St Emilion
    2 Premier Grand Cru Classeé A
    11 Premier Grand Cru Classeé B
    84 Grand Cru Classeé
    Pomerol
    Ch. Petrus
    Merlot dominant (60%+)
  • 48. Gironde 1855 Classification (Red)
    Premiers Crus
    Ch. Lafite
    Ch. Margaux
    Ch. Latour
    Ch. Haut-Brion
    Ch. Mouton-Rothschild (1973)
    DeuxièmesCrus
    Ch. Ducru-Beaucaillou
    Ch. Léoville-Lascase
    Etc
    TroisièmesCrus
    Ch Lagrange
    Ch. Palmer
    etc
    QuatrièmesCrus
    Ch. Talbot
    Ch. Cantenac
    Etc
    CinquièmesCrus
    Ch. Batailley
    Ch. Grand-Puy-Lacoste
    etc
    Crus Bourgeois (2000)
    Exceptionels 9
    Supérieurs 87
    Bourgeois 151
  • 49. 5:Chateau Gloria 2001 St Julien AOC
    AOC St Julien in the Medoc
    Cru bourgeois
    Cabernet Sauvignon (65%) Merlot (25%), with 5% each of Cabernet Franc and Petit Verdot
    Colour
    Predominant aroma
    Palate
    Tannin
    Fruit
  • 50.
  • 51. Wine Critic (May 2004)
    Chateau Gloria (St Julien) 2001:
    Closed on the nose. Full, sweet, less impact than the 2000. Doesn't have the same texture. Plenty of tannin though. Showing very little on this tasting but has potential. Needs six years. 15+/20 (May 2004)
  • 52. Wine Society: 30 March 2011
    2001: A delicious vintage to enjoy now!
    Overshadowed by the much-lauded millennium vintage which preceded it, 2001 proved to be a great year for merlot and the right bank, and, although slightly more challenging on the left bank, it has turned out to be a lovely Claret vintage, and the wines are already delicious.
  • 53. 7. The Society’s Exhibition Sauternes, 2007 AOC
    A distinctive appellation 40km SE of Bordeaux.
    Semillon 80%, Sauvignon Blanc 15%, & Muscadelle.
    Autumns characterised by misty mornings and sunny days, encouraging Botrytis mould, or Noble rot, which concentrates juice.
    Elegant, sweet, honeyed, full-bodied with a long life-expectancy.
    Complex fruity and floral nose and palate.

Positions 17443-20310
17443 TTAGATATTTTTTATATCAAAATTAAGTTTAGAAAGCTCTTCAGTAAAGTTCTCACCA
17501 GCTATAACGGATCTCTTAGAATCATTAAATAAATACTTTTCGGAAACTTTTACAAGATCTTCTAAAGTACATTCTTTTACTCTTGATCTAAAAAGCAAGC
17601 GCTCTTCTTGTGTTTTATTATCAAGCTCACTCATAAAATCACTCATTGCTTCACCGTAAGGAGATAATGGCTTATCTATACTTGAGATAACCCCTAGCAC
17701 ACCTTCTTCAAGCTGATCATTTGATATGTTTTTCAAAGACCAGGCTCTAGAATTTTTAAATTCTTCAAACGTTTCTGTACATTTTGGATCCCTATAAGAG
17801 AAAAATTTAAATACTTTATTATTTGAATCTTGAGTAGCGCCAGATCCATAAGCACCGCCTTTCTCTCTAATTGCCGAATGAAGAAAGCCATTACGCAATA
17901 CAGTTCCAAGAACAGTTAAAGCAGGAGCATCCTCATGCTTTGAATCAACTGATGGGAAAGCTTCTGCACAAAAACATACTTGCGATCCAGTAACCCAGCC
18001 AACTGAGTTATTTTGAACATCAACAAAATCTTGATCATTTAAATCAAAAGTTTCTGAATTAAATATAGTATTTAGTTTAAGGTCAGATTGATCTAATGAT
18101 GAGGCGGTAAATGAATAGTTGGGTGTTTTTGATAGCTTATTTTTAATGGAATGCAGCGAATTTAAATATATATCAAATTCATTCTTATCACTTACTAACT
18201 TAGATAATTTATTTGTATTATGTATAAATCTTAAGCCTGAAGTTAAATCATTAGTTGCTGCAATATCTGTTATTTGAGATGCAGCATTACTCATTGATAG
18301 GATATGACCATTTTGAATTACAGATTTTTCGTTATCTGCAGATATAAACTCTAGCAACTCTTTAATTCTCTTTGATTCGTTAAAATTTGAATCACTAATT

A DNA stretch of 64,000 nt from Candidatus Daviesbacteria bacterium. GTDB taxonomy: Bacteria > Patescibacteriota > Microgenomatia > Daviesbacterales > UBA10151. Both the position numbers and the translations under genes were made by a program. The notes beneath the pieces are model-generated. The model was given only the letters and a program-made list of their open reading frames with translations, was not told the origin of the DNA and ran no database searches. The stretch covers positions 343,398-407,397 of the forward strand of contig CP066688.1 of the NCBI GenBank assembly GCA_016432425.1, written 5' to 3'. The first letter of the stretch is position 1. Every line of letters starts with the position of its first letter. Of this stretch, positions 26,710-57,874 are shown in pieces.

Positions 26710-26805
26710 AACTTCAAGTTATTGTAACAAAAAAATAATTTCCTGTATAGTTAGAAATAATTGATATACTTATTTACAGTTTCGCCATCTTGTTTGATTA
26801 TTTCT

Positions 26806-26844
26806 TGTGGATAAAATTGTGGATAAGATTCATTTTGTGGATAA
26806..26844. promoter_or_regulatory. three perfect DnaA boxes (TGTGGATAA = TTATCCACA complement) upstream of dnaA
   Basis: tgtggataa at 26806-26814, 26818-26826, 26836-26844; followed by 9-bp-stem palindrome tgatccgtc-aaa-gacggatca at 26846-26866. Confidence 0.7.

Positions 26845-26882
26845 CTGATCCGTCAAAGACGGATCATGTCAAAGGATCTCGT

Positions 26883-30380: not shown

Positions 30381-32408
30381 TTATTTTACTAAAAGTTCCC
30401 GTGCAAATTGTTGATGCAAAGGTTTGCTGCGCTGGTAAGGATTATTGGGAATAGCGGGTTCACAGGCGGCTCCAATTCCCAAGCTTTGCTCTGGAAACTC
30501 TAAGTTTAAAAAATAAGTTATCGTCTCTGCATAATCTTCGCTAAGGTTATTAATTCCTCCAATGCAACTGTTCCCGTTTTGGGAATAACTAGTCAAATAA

Low yields, labour intensive harvest = expensive wine!
    Chateau d’Yquem: £500 a bottle for recent vintages!
  • 54. Botrytis mould
    ‘Noble rot’
  • 55. Summing-up
    Three groups of French wine makers:
    In favoured areas unchanged traditional production of quality wines - Champagne, Bordeaux, Burgundy, Rhone & Loire. Mixture of excellent, good and complacent. Expensive products. All AOC.
    Outside favoured (AOC) areas:
    Traditional (peasant) production – little or no innovation. Moderate-poor quality. A dying race. Vin de Table or distillery. Grants for grubbing-up vines.
    But also enterprising producers elsewhere; experimenting unconventional varieties, modern vinification, imported technology and know-how; flying winemakers. Best Vin de Pays wines.
  • 56. Today’s wines
    Champagne Jacquart, Tradition, NVBrut £18.00 *
    Pouilly-Fume, Les Cascadelles, 2009 AOC £10.99 *
    The Society’s Exhibition Morgon, 2005 AOC £8.00 WS
    Domaine de Valmoissine, Pinot Noir, Louis Latour,
    Vin de Pays des Coteaux du Verdon 2009 £8.99 *
    Domaine Lucien Barrot et Fils, Chateauneuf-du-Pape , AOC 2007 £22.00 *
    Chateau Gloria, St Julien, 2001, AOC £10.00 L
    The Society’s Exhibition Sauternes, 2007 AOC £20.00 WS
    * Majestic WS Wine Society L Laytons
  • 57. Aroma test
    Which of today’s wines is this?
    Think of characteristic aromas!
  • 58. Best value
    Which of today’s range offers best value?
  • 59. Next session
    Wednesday 13 April 2011
    at 2.30pm
    Wines of Iberia, Italy, etc